Arthur Haines

Teaching experience:  20 years
Primary region:  New England

Website

Website:  Anaskimin

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Book

Ancestral Plants

Written by Arthur Haines
Copyright 2010
Published by Anaskimin

Ancestral PlantsTable of Contents includes:

  • Introduction to Using Wild Plants
    • How to Use This Book
    • Format of Pages
  • Food
    • Collecting Protocols
    • Identification
    • Safe Collecting and Consumption
    • Methods of Collecting
  • Medicine
    • Guidelines for Plant Medicine
    • Herbal Actions
    • Routes of Administration
    • Phytochemical Classification
  • Food
  • The Plants
    • Trees
      • Abies balsamea (balsam fir)
      • Acer saccharum (sugar maple)
      • Betula alleghaniensis (yellow birch)
      • Carya ovata (shagbark hickory)
      • Fagus grandifolia (American beech)
      • Fraxinus americana (white ash)
      • Juglans cinerea (white walnut)
      • Pinus strobus (eastern white pine)
      • Prunus serotina (black cherry)
      • Quercus rubra (northern red oak)
      • Robinia pseudoacacia (black locust)
      • Thuja occidentalis (northern white cedar)
      • Tilia americana (American linden)
      • Tsuga canadensis (eastern hemlock)
    • Shrubs
      • Amelanchier laevis (smooth shadbush)
      • Comptonia peregrina (sweet-fern)
      • Crataegus macrosperma (large-seeded hawthorn)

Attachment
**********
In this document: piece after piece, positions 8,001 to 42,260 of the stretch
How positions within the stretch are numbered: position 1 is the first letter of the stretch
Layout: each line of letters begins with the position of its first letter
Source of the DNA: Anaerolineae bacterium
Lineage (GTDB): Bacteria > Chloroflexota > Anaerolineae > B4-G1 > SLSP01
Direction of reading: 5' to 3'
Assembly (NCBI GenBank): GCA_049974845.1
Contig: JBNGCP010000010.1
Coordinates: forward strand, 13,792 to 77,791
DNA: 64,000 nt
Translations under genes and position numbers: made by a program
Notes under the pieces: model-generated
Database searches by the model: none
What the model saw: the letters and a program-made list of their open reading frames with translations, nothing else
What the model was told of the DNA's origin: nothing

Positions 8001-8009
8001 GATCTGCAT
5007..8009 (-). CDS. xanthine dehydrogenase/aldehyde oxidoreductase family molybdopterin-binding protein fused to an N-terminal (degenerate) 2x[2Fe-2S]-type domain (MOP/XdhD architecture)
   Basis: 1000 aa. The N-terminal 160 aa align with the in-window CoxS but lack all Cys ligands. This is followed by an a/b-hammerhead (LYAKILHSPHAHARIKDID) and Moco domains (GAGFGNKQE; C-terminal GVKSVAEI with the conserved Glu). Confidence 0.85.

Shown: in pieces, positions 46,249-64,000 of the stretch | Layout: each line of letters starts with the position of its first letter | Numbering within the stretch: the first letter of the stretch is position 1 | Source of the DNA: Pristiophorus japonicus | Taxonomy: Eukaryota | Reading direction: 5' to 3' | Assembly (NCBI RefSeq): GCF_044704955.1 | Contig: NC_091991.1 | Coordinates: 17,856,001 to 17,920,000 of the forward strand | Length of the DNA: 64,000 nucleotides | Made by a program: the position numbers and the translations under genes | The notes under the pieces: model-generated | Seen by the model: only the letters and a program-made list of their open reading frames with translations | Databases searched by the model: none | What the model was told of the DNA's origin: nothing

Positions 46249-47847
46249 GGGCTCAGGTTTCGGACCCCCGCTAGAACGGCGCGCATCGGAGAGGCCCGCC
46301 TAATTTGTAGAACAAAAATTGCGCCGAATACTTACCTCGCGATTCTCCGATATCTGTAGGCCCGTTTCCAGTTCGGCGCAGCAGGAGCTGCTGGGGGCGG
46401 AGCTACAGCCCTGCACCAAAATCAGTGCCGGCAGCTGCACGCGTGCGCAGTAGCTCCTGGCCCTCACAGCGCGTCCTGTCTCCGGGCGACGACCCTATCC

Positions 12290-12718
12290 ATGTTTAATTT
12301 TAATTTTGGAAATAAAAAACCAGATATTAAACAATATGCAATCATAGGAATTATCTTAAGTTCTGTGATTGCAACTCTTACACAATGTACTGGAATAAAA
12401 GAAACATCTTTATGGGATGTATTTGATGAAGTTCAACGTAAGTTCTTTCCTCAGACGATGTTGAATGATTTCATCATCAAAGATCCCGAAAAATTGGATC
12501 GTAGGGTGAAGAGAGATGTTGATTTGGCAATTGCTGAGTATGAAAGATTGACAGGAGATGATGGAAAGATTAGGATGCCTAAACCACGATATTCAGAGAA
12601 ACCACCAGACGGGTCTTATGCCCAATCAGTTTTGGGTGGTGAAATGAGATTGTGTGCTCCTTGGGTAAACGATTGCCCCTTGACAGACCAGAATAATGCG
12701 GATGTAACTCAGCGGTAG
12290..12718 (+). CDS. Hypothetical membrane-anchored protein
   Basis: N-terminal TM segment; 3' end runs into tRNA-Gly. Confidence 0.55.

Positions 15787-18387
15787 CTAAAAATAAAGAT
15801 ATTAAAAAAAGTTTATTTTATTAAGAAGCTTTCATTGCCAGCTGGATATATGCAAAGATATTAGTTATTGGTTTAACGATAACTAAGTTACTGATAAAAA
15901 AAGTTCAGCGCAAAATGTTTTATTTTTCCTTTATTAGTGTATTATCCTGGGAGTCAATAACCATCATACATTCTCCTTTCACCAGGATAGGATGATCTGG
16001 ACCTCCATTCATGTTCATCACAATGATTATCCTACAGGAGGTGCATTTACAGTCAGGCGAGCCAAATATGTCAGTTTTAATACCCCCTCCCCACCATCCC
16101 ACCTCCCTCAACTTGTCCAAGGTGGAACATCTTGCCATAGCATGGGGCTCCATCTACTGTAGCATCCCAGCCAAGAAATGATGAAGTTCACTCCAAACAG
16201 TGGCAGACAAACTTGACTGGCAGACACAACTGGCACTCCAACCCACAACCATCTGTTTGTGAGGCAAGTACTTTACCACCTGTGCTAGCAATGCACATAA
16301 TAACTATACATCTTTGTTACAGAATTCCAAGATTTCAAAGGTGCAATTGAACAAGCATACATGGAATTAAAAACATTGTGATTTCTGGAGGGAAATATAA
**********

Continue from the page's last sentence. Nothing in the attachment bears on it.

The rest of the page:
• Empetrum nigrum (black crowberry)
      • Gaylussacia baccata (black huckleberry)
      • Myrica gale (sweet gale)
      • Rhododendron groenlandicum (Labrador-tea)
      • Rhus hirta (staghorn sumac)
      • Ribes cynosbati (eastern prickly gooseberry)
      • Rosa virginiana (Virginia rose)
      • Rubus allegheniensis (common blackberry)
      • Rubus idaeus (red raspberry)
      • Salix discolor (pussy willow)
      • Sambucus nigra (black elderberry)
      • Vaccinium angustifolium (common lowbush blueberry)
      • Vaccinium macrocarpon (large cranberry)
      • Viburnum dentatum (smooth arrowwood)
      • Viburnum nudum (wild raisin)
    • Lianas
      • Vitis riparia (river grape)
    • Herbs
      • Aegopodium podograria (bishop’s goutweed)
      • Allium tricoccum (wild leek)
      • Apocynum androsaemifolium (spreading dogbane)
      • Arctium lappa (great burdock)
      • Asclepias syriaca (common milkweed)
      • Atriplex acadiensis (maritime orache)
      • Brassica nigra (black mustard)
      • Caltha palustris (yellow marsh-marigold)
      • Cardamine diphylla (two-leaved toothwort)
      • Chamaepericlymenum canadense (Canada dwarf-dogwood)
      • Chamerion angustifolium (narrow-leaved fireweed)
      • Daucus carota (wild carrot)
      • Equisetum arvense (field horsetail)
      • Erythronium americanum (American trout-lily)
      • Eurybia macrophylla (large-leaved wood-aster)
      • Fallopia japonica (Japanese knotweed)
      • Gaultheria procumbens (eastern wintergreen)
      • Hemerocallis fulva (orange day-lily)
      • Heracleum maximum (American cow-parsnip)
      • Hesperis matronalis (dame’s-rocket)
      • Hylotelephium telephium (purple orpine)
      • Impatiens capensis (spotted touch-me-not)
      • Lactuca canadensis (tall lettuce)
      • Lathyrus japonicus (beach vetchling)
      • Leucanthemum vulgare (ox-eye daisy)
      • Maianthemum racemosum (feathery false Solomon’s seal)